The Daily Rundown

SMB News Daily Rundown: Update for October 23

Welcome to the Small Business Rundown. Each day, we bring you stories that impact small business owners and their workforce.

sick-emergency-leave

Small Business News Highlights for October 23: 

  • A sweeping portrait of the country’s unemployed
  • California cracks down on unemployment fraud
  • The Ins and Outs of a leave donation program

America’s unemployed: a portrait

“The impact of millions of lost jobs today is less visible when so many are staying home. Social distancing has helped financial suffering hide.”

In March and April, the United States economy lost 22 million jobs — roughly the number lost during the Great Depression and the Great Recession combined.

While it’s easy to track the unemployment numbers week after week, it’s much more difficult to comprehend the scope of the upheaval that the pandemic has wrought on peoples’ lives, especially since the economic crisis has had such a disparate impact on different sectors and groups of workers. This piece tells the stories of a handful of Americans across the country as they’ve faced mounting bills and dwindling savings.

Unemployment fraud in CA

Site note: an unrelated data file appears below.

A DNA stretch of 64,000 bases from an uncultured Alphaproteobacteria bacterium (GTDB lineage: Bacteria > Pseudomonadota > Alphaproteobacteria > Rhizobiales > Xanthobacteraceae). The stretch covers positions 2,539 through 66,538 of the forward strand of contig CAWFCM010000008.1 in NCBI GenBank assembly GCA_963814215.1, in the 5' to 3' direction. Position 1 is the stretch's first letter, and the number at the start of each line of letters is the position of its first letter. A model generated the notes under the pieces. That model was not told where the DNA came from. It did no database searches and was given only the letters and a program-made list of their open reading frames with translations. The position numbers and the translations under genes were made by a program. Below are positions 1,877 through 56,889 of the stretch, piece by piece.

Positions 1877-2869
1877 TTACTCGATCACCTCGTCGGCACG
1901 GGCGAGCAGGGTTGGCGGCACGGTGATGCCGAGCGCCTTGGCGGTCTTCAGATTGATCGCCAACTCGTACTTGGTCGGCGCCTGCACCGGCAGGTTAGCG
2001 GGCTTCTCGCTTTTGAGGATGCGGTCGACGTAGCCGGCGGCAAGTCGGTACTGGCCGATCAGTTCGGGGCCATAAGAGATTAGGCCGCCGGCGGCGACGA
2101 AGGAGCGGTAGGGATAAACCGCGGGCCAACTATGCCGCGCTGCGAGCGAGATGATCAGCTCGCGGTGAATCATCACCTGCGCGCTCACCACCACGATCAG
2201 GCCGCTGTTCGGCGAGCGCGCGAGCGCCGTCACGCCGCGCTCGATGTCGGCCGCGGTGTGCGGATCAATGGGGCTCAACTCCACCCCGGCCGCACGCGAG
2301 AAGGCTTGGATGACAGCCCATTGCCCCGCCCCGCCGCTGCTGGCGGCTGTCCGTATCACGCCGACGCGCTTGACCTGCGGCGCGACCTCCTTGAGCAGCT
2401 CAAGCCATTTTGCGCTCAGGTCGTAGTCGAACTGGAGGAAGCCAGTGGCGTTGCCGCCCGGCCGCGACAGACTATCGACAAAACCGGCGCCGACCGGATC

“The Department’s top priority is to quickly verify the identity of any claimants in this group that may have been impacted by scammer attacks, while we work to shut down the potentially fraudulent claims.

California officials froze some 350,000 preloaded debit cards in an attempt to control fraudulent claims.

Officials indicated that they’d been alerted to suspicious activities, including a high number of claims at a single address. The cards were issued by the state’s Economic Development Department and could represent as much as billions of dollars worth of benefits.

Public officials note, however, that some innocent people have been caught in the crosshairs of the investigation, as many legitimate benefit cards were deactivated in the process.

Leave donation programs and COVID-19

“For many employers, this situation has led them to consider, or reconsider, whether a leave donation/sharing program is right for their company.”

As winter weather arrives in many areas of the country, employers and employees alike are considering how to handle the rising number of COVID-19 cases and the personal and professional implications. While quarantining after exposure to the coronavirus is the best thing to do to prevent the spread of the disease, it can have a dismal effect on your paycheck if you don’t have enough paid sick leave.

In response to these issues, many companies are revisiting the idea of creating leave donation and sharing programs, which allow workers to pool their extra leave to help colleagues in the event of illness or family medical emergencies.

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